The four key skills for raising resilient kids
14 January 2020
Being a kid is getting harder.
Think back just a decade ago. Facebook was a fledgling service (Snapchat and Instagram didn’t even exist), students felt less stressed about exams, and people were confident that the world would still need lawyers when someone finished high school.
How the world has changed. Social media pervades every area of modern life, academic stress is at all time highs, and around 40% of existing jobs are likely to be automated by 2030. And things are only set to become harder for our kids.
What can parents do to ensure the best possible future for their children?
The Four C’s for 21st Century Education
As the world becomes more automated, traditional service skills like reviewing documents, accounting and even computer coding will increasingly become the domain of algorithms.
It is therefore important that people, and in particular children, learn the important skills that will set them apart from increasingly clever computers. First proposed by the National Education Association in the US, the Four C’s for 21st Century Education represent the four most important skills students should walk away with after their formative years to ensure resilience in an everchanging world.
Those skills are:
- Critical thinking, which refers to using logic and reasoning to solve problems and make decisions;
- Creativity, which requires children to be able to think outside of the box;
- Collaboration, which involves working with others to reach common goals; and
- Communication, which relates to how students are able to express themselves (and listen) to other people.
Increasing Intergenerational Resilience
There are a number of ways that parents can help make your child more resilient to the uncertainties of the future.
First, parents can make sure they invest in their child’s education. This doesn’t just mean financially – it is important to invest time as well. Making an effort and taking an interest makes students better collaborators and communicators – just make sure to show them how to use the fishing rod rather than handing them the fish. This ensures they develop critical thinking skills as well.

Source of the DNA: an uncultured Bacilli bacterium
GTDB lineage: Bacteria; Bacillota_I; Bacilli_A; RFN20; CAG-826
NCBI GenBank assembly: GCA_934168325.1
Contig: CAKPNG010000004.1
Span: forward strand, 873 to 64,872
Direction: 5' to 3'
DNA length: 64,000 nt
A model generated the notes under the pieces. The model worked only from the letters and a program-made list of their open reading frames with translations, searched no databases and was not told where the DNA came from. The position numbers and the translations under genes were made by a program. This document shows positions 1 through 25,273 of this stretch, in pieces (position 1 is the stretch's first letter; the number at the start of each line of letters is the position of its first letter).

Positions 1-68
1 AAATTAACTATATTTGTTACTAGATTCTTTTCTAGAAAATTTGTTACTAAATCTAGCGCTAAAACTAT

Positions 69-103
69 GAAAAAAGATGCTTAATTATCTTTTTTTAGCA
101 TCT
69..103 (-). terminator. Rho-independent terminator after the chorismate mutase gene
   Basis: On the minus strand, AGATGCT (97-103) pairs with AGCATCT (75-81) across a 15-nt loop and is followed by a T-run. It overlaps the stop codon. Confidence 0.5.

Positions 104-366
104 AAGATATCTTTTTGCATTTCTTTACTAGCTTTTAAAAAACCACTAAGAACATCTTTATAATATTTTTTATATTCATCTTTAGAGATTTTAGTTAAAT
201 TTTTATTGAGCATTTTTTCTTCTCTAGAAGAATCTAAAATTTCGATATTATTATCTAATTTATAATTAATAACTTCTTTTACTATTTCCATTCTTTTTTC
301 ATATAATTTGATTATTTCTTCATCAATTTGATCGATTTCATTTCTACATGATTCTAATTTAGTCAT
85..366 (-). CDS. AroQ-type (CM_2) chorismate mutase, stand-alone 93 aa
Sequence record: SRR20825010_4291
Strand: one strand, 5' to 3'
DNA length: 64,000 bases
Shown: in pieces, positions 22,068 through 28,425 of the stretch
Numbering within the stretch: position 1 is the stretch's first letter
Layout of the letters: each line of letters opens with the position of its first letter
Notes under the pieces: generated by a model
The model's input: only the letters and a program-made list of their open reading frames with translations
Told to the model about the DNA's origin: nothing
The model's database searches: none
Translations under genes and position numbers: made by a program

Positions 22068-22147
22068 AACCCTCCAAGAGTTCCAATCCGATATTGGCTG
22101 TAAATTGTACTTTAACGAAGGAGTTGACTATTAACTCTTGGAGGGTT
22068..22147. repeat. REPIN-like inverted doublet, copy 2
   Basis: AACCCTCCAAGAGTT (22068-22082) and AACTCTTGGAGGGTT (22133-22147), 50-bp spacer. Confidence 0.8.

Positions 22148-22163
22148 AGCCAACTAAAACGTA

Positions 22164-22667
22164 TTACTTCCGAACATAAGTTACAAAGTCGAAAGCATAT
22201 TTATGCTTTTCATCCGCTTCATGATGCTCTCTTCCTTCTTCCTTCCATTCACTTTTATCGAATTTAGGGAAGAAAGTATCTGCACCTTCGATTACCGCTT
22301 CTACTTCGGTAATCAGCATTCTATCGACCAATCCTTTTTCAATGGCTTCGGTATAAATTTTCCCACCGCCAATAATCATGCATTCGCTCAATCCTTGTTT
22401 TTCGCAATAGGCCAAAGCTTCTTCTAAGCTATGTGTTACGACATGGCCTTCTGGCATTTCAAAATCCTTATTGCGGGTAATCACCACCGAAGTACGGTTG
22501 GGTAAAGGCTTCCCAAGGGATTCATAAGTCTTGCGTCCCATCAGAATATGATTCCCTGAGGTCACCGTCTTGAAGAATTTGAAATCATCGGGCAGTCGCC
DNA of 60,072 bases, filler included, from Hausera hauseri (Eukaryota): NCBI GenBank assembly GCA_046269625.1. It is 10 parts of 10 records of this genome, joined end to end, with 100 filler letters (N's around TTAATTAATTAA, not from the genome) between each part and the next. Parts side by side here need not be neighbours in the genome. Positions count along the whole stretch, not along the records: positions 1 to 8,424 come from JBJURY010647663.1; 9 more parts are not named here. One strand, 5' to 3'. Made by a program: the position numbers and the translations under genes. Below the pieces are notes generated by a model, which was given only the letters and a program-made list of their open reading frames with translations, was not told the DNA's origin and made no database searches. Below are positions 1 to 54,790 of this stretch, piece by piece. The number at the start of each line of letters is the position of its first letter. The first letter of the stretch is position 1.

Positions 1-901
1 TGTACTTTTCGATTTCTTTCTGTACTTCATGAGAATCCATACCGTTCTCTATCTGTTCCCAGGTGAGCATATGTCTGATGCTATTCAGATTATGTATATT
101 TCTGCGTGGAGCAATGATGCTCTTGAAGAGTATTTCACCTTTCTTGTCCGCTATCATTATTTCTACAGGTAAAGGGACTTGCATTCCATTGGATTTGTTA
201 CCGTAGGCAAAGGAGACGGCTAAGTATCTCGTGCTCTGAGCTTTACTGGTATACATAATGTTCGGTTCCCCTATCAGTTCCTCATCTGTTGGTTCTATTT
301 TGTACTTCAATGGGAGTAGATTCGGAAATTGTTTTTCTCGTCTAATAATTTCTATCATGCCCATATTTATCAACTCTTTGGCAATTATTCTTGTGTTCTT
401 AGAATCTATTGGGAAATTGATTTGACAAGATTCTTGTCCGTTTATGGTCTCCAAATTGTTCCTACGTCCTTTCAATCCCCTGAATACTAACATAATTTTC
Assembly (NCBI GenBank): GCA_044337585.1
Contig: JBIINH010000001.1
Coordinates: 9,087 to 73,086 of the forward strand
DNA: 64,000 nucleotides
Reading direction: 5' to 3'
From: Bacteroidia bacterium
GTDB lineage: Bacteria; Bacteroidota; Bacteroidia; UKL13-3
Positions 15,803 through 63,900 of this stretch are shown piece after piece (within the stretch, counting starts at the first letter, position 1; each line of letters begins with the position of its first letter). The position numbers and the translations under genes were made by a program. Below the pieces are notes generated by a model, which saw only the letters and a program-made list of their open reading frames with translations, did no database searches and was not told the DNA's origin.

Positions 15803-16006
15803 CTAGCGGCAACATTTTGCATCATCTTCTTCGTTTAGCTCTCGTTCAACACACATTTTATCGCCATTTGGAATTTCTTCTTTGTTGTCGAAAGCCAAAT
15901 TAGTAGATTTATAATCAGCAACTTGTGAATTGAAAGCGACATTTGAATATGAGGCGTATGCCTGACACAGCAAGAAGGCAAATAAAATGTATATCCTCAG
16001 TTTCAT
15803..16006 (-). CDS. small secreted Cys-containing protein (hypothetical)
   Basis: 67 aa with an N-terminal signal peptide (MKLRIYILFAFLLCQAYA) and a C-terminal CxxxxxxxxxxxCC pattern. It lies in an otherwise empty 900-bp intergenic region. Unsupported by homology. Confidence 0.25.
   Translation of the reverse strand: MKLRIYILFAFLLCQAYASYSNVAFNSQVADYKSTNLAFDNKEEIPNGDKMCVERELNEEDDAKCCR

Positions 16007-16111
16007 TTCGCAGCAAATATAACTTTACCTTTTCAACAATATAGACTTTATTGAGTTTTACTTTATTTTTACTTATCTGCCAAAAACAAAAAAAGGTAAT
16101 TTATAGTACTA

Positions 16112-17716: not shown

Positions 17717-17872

Second, parents can challenge their child. Not in an aggressive or oppositional way – this can be quite harmful to their confidence. Instead, you should challenge them to back up their opinions, and help them develop into the type of person who can craft a persuasive argument. This can help develop their critical thinking, creativity and communication skills, and can be done anywhere from the classroom to the dinner table.
Third, you should encourage them to take part in activities that will help bolster these skills. Things like public speaking, and especially debating, are excellent for helping students develop all of these skills – students have to be collaborative when developing a team case, creative when devising arguments, logical when preparing what they’re going to say and persuasive in their delivery.
Whilst we may not be able to predict what the future holds, there is a few certainties – the world is going to change, employment is going to change, and traditional knowledge is not going to be enough to keep up. Helping our kids think critically, think creatively, collaborate with one another and communicate effectively is definitely a step in the right direction.
How we can help
Public speaking and debating encourage students to communicate their ideas in a persuasive manner, think critically about the world, and collaborate with others to develop creative points. Take a peek at our programs to see how our weekly term programs and intensive holiday programs can help improve your child’s resilience.